Increased Risk of Cerebrovascular Disease Among Patients With Neurofibromatosis Type 1
Background and Purpose—Although neurofibromatosis type 1 (NF1) may be associated with an incompletely understood vasculopathy, relative odds of stroke in this population is not known.
Methods—Using the 1998 to 2009 US Nationwide Inpatient Sample, we performed a case–control study matching cases of NF1 to controls without such a diagnosis. We then compared the odds of stroke between the 2 groups. We used multivariable logistic regression to adjust for known or suspected confounders.
Results—NF1 was associated with younger mean age at the time of stroke (41 versus 48) and a lower prevalence of stroke risk factors among adult patients. Pediatric patients with NF1, however, were more likely to have hypertension. Patients with NF1 were significantly more likely to be diagnosed with any stroke (odds ratio, 1.2; P<0.0001) than the general population. The odds of intracerebral hemorrhage were greatest among hemorrhagic stroke types analyzed (odds ratio, 1.9; P<0.0001). In the pediatric NF1 population, the odds of intracerebral hemorrhage were more dramatically elevated (odds ratio, 8.1; P<0.0001). The odds of ischemic stroke were also increased with NF1 in the pediatric (odds ratio, 3.4; P<0.0001) but not in the adult population.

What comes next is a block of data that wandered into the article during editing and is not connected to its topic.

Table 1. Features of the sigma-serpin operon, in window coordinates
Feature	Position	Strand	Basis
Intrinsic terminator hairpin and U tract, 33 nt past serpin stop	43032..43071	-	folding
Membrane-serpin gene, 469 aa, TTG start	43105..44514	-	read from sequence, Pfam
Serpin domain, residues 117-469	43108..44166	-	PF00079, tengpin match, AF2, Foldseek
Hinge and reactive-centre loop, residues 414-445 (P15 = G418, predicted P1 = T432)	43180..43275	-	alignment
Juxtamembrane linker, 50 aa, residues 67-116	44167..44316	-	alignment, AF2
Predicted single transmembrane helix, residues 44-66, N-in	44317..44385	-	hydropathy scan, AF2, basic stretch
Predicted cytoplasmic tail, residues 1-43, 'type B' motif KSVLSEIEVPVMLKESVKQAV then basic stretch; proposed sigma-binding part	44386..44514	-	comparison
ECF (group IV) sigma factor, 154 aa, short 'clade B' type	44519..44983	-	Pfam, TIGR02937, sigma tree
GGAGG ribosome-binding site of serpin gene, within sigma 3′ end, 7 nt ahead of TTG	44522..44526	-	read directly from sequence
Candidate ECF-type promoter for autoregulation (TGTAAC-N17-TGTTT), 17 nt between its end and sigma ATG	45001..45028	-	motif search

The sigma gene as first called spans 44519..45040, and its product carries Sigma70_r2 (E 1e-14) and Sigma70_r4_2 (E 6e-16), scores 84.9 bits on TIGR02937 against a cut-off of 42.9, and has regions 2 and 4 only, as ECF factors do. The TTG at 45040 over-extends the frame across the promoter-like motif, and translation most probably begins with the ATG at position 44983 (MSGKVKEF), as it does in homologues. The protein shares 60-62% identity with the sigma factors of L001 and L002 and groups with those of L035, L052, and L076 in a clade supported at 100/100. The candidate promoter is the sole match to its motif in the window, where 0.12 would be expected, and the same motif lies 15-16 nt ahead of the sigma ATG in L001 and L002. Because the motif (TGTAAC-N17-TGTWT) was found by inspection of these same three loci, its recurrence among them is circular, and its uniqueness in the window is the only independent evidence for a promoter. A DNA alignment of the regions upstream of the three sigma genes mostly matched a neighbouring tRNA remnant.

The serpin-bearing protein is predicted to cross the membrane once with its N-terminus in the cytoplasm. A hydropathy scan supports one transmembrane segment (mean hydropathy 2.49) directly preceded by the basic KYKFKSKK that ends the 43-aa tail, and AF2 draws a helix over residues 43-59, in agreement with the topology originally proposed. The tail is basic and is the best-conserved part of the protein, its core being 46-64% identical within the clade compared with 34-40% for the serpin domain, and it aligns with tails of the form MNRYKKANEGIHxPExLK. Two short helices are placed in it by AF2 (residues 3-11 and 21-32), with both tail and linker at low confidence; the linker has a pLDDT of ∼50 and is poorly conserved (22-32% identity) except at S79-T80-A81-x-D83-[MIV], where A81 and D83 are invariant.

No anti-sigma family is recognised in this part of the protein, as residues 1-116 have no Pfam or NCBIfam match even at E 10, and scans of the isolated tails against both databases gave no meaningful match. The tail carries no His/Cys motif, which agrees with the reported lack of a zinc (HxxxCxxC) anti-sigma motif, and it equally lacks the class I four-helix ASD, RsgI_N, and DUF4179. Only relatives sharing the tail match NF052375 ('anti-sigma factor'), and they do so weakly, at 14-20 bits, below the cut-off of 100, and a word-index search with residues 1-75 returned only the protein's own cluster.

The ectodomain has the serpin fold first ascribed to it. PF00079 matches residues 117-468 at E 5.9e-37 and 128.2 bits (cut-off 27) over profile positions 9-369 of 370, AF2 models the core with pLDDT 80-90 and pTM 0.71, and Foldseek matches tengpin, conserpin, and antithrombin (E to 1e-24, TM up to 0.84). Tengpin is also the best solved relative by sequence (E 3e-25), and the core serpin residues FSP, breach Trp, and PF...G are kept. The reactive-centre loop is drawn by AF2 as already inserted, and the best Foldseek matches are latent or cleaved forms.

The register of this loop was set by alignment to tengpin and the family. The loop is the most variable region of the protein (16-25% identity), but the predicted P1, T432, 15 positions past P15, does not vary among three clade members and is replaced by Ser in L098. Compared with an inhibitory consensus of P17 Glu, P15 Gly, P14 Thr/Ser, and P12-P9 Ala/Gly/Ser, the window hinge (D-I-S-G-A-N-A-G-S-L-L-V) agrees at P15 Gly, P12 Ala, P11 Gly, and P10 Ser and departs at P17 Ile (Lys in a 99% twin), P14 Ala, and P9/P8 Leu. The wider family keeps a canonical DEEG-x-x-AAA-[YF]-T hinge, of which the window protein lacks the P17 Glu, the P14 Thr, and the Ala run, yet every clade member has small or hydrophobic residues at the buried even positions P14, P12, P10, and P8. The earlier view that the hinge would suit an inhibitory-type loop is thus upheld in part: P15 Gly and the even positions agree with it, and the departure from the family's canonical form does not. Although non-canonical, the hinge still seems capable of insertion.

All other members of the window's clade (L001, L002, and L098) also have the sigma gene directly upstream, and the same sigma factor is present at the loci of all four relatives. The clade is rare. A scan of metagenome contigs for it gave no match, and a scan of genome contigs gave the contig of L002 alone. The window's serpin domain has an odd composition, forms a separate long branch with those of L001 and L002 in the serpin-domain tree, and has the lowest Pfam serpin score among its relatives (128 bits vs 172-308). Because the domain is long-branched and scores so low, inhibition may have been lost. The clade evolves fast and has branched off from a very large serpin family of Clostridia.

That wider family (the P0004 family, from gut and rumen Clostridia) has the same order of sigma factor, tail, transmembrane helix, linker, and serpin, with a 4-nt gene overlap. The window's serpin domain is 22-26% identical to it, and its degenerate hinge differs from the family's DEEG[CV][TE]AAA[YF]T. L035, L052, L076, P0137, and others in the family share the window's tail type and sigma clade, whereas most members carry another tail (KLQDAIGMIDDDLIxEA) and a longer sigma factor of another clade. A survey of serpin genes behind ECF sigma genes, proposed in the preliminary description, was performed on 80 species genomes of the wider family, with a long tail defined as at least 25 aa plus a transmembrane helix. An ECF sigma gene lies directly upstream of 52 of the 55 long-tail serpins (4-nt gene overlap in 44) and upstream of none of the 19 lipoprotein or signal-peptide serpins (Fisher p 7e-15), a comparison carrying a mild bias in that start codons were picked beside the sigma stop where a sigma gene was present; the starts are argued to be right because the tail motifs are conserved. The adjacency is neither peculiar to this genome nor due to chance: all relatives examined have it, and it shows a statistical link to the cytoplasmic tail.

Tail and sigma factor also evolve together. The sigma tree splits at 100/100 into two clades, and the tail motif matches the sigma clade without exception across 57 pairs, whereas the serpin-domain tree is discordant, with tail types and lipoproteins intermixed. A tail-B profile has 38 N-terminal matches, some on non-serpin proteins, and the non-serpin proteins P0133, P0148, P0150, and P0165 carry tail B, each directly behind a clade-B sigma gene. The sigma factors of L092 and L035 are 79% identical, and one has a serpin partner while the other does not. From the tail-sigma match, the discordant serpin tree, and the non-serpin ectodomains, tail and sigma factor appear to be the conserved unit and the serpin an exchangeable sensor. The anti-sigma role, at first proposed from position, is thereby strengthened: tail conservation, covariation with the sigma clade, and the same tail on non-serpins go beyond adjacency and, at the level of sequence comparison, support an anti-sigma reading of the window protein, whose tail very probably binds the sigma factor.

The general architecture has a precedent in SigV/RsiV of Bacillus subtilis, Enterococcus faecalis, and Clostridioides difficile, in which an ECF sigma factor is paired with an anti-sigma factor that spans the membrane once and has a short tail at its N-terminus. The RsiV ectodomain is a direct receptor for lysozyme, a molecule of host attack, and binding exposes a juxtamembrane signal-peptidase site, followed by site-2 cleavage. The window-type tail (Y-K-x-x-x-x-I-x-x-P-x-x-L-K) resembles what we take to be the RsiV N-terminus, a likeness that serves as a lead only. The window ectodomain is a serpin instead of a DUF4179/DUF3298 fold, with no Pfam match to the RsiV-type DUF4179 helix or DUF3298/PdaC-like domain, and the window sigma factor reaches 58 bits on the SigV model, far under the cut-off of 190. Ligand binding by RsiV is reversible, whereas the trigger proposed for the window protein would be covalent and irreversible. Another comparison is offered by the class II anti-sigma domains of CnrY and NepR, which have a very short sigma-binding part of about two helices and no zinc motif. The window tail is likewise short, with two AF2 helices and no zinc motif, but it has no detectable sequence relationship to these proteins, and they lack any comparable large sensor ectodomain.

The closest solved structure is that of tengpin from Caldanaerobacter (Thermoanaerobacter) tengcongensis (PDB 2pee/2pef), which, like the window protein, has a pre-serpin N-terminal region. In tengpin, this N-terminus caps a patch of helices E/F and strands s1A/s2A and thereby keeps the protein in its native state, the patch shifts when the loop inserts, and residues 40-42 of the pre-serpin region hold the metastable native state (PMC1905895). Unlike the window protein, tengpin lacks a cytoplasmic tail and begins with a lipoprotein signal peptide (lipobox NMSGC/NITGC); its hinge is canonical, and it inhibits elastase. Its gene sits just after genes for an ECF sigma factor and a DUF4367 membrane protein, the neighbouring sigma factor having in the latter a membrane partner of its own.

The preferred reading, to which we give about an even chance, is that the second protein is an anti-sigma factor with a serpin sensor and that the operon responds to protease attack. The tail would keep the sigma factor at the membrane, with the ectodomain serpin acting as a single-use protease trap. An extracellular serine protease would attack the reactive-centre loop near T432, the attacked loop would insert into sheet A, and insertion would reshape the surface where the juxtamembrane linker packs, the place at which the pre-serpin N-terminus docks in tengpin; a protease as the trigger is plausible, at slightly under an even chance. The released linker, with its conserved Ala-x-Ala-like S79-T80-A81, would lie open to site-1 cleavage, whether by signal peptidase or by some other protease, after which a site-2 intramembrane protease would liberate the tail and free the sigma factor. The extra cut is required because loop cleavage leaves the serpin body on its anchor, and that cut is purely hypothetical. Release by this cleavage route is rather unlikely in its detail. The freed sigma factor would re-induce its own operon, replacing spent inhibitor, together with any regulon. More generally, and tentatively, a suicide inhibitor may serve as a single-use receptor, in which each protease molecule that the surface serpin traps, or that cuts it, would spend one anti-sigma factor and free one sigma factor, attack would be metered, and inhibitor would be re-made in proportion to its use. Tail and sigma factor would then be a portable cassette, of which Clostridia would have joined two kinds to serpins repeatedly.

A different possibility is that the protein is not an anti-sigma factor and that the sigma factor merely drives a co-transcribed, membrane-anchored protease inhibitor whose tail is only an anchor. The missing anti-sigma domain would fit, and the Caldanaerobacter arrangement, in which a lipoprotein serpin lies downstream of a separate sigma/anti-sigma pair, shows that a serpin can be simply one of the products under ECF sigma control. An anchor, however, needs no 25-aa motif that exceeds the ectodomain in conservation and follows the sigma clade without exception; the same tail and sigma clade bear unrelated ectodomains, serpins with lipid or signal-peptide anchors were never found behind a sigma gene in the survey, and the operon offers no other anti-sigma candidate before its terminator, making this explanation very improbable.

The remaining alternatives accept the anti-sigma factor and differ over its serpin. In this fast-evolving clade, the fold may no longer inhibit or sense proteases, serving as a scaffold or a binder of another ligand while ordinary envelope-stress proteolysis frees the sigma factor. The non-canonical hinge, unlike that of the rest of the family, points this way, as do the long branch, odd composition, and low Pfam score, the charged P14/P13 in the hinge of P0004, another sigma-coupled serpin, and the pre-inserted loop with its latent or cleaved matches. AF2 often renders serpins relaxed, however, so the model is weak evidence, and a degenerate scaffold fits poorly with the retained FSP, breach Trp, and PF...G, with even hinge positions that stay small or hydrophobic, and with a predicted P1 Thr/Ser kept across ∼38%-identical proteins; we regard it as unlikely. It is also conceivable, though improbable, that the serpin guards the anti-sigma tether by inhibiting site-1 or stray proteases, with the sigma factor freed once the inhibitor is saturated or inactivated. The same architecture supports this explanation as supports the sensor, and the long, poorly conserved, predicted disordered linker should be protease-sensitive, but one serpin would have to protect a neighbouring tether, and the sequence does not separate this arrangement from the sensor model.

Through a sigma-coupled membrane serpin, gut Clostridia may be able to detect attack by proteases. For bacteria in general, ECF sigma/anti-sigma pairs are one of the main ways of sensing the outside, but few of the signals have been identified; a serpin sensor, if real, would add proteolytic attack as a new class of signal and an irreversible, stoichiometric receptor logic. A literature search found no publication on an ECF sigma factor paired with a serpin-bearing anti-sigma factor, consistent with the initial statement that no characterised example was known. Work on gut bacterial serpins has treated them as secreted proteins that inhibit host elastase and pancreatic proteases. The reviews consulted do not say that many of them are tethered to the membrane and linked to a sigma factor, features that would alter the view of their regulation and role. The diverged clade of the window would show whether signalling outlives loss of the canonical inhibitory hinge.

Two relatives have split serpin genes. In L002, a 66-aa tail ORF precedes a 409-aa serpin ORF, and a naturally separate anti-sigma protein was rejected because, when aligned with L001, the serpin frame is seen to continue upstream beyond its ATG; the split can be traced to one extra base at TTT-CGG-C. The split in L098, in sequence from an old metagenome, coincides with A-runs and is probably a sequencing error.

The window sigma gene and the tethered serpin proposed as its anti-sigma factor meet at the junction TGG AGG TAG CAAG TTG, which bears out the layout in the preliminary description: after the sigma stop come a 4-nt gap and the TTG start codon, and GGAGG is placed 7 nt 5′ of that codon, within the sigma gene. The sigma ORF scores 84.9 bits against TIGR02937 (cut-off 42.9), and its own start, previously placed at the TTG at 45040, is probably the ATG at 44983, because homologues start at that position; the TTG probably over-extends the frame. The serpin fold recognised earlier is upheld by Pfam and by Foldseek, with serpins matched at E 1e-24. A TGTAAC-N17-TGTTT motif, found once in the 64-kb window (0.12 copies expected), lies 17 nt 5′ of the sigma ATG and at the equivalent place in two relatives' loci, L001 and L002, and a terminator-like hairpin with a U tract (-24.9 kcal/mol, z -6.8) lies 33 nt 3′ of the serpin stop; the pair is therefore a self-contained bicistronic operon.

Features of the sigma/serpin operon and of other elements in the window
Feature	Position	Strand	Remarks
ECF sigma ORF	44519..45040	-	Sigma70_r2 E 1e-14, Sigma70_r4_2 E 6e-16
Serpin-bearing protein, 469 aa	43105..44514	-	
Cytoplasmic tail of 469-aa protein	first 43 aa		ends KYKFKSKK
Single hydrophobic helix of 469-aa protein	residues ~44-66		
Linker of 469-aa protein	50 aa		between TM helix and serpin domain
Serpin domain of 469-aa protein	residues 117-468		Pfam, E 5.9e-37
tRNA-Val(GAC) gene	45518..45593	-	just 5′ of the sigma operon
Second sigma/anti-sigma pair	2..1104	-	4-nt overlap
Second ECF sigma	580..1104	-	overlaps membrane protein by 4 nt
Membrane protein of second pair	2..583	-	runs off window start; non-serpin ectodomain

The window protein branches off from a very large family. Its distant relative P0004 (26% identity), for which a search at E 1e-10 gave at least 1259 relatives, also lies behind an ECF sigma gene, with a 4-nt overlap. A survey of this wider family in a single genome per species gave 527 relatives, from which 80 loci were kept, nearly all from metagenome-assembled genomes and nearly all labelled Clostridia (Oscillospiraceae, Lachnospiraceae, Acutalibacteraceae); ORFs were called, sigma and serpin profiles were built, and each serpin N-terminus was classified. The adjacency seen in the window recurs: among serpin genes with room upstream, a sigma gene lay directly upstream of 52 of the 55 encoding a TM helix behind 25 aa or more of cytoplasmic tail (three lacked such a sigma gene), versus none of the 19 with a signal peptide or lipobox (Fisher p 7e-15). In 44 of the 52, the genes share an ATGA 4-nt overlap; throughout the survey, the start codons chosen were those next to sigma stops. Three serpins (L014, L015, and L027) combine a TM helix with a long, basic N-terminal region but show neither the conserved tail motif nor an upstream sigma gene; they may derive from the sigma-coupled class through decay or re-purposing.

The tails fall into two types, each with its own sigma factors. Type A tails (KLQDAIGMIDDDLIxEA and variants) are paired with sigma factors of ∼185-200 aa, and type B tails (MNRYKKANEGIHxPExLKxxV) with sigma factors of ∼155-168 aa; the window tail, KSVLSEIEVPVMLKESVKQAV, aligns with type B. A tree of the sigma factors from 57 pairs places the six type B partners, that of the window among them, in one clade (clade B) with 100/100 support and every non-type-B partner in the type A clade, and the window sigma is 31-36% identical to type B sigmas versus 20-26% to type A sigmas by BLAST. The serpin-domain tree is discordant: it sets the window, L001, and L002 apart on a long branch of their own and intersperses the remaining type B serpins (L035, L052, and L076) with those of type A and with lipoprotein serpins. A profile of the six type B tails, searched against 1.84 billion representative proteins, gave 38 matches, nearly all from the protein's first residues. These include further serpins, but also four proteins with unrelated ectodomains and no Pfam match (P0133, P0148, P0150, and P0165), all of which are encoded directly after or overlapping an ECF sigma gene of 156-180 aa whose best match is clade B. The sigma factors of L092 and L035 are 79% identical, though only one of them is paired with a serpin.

Conclusions—When compared with the general population, the odds of any type of stroke are significantly increased for patients with NF1, both adult and pediatric. This risk is most notable for hemorrhagic strokes although it is also increased for ischemic strokes in children. Physicians should be aware of the increased risk of stroke in this population, and consider stroke as a potential cause of new neurological symptoms.
- Received September 4, 2015.
- Revision received October 29, 2015.
- Accepted November 4, 2015.
- © 2015 American Heart Association, Inc.